In Praise Of Exuberant Growth: Finding That Free Lunch

from the the-economics-of-innovation dept

Business Week is running a long excerpt from a new book about the economics of innovation (tragically, Business Week believes that they need to make people click through a ridiculous number of screens to read the whole thing, when having a “single page view” would make much more sense for those of us who hate clicking over and over again and just want to read the damn article). The book is called Rational Exuberance : Silencing the Enemies of Growth and Why the Future Is Better Than You Think and it talks about how risk taking and exuberant growth from innovation helps expand the economy and help so many people increase their standard of living. Considering the focus these days on people who seem more worried about how growth can destroy their jobs, this is a refreshing change. It’s a reminder that the economy is not a zero sum game – and innovation helps to expand the overall pie, rather than just shift the pieces around. One of the most interesting ideas in the excerpt is to just look around at how many jobs there are today that were completely unavailable (or even unimaginable) 100 years ago. In fact, you could even make the same argument for ten years ago as compared to today. Even more important is realizing that not all of the job creation is directly attributable to the innovation, but often indirectly. For example, the article points out that massive amusement parks like Disney World in Orlando, Florida wouldn’t have made sense without the innovation of commercial airline travel. When people today insist that their can be no new types of jobs in the future if our jobs are offshored or automated, just think how many jobs were created over the last hundred years for people who felt the same way, and realize that the pace of innovation, our “rational exuberance” hasn’t slowed down.

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Comments on “In Praise Of Exuberant Growth: Finding That Free Lunch”

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Cyke says:


I know what you are saying, but most people can’t wait 100 years to get a new job. The key word in every thing you said is “innovation”. Unfortunately, as you have pointed out many times (and I agree) so many governments and court systems and current bussiness are doing everything in their power to kill innovation! I can only hope it will change, or 100 years will not be as far fetched as it sounds.

Rob says:

Re: well...

I agree with Cyke. Never before in history has our government and our biggest corporations worked together so aggressively to *stifle* innovation and cut costs / increase immediate profits at the expense of long-term growth and investment. If you transplanted today’s business climate to the 19th century, the railroads would never have been built (eeek, that would hurt next quarter’s profits!).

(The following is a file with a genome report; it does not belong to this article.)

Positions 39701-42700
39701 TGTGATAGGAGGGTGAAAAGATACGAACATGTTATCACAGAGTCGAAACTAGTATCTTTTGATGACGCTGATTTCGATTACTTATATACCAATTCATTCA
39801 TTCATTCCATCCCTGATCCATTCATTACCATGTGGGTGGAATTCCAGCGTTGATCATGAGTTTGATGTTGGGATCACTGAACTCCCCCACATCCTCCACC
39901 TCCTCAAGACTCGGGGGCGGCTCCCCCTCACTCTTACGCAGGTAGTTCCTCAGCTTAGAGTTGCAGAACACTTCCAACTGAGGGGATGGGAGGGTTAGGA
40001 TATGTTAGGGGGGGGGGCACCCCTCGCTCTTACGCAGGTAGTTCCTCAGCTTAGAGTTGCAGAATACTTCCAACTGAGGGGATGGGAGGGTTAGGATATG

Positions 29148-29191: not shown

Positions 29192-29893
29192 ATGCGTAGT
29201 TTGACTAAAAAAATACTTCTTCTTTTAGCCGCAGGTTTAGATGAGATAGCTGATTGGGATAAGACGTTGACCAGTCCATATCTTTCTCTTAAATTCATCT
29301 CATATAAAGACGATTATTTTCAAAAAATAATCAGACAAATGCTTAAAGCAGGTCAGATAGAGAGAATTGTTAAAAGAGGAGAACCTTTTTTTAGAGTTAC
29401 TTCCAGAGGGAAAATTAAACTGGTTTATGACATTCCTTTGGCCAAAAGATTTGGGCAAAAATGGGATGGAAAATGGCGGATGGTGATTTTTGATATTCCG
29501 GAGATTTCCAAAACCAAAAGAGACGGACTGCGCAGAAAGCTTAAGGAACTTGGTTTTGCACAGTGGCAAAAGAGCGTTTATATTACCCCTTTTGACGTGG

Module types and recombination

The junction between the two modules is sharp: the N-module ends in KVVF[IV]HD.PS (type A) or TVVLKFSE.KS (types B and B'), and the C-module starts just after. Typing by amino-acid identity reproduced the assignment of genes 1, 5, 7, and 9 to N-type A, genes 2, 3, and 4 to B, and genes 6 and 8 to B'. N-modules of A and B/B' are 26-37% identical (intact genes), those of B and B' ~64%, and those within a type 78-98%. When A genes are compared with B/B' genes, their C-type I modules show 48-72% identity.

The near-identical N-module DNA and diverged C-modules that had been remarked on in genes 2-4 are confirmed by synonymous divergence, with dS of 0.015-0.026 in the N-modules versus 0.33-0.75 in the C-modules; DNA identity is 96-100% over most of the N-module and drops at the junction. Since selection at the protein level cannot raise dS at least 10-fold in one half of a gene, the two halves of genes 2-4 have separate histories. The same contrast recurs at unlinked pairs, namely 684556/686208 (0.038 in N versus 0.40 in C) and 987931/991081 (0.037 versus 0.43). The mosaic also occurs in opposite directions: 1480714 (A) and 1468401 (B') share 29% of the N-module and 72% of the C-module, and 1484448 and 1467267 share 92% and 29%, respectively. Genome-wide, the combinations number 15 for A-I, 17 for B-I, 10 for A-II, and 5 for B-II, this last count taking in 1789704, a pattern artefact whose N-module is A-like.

Anonymous Coward says:

Cyke, not all railroads were successful and

those that were created monopolies which profited enormously by exploiting those that depended on them to sell their goods. Now consider things from the point of view of the rail baron. What incentive does he have to innovate when he already dominates his market?
The same thing is going on right now in information and communication technology and markets (with government not that far behind).
In all cases the monoplists are doing their best to stifle and/or co-opt any innovation that threatens them and this is the smartest thing they could possibly do based on the length of the human lifetime and the rate at which most innovations are accepted by non-monopolists.

Gumby says:

Always try the Printer-Friendly option...

(tragically, Business Week believes that they need to make people click through a ridiculous number of screens to read the whole thing, when having a “single page view” would make much more sense for those of us who hate clicking over and over again and just want to read the damn article)
If you read the Printer-Friendly version – it’s only two web pages.

Jess Burgess says:

Types of Innovation

Quoting Michael Schrage ( June 2004)

“Deception is at the dark heart of wicked innovation. Alluringly misrepresented e-mail attachments and ?phishing? expeditions?the fraudulent use of corporate names and logos to gather people?s credit card numbers?are only the most obvious examples. The use of anabolic steroids, human growth hormone, and other illicit performance enhancers in baseball, football, and Olympic sports represents another genre of effectively deceptive innovation. In a field where the price of being found out is high, these ?natural? substances give users a competitive edge with a low risk of detection.

Precisely because cheating is the essence of wicked innovation, we need to rethink the role of competition in its pathology. Two kinds of innovators stand out. The first are those who ?compete with? each other; that is, they respect certain rules in their efforts to succeed in the marketplace. The second are ?compete against? innovators whose goal is to spread their own inventions and eliminate their competition, free choice in the marketplace be damned. Compete-with innovation is about value creation; compete-against innovation is about value negation.”
My thoughts:
The rate of economic expansion is directly proportional to the rate at which human wants become human needs. As I approach retirement, I am praying for a lot of the good kind of exuberant innovation and less of the bad kind of exuberant innovation.

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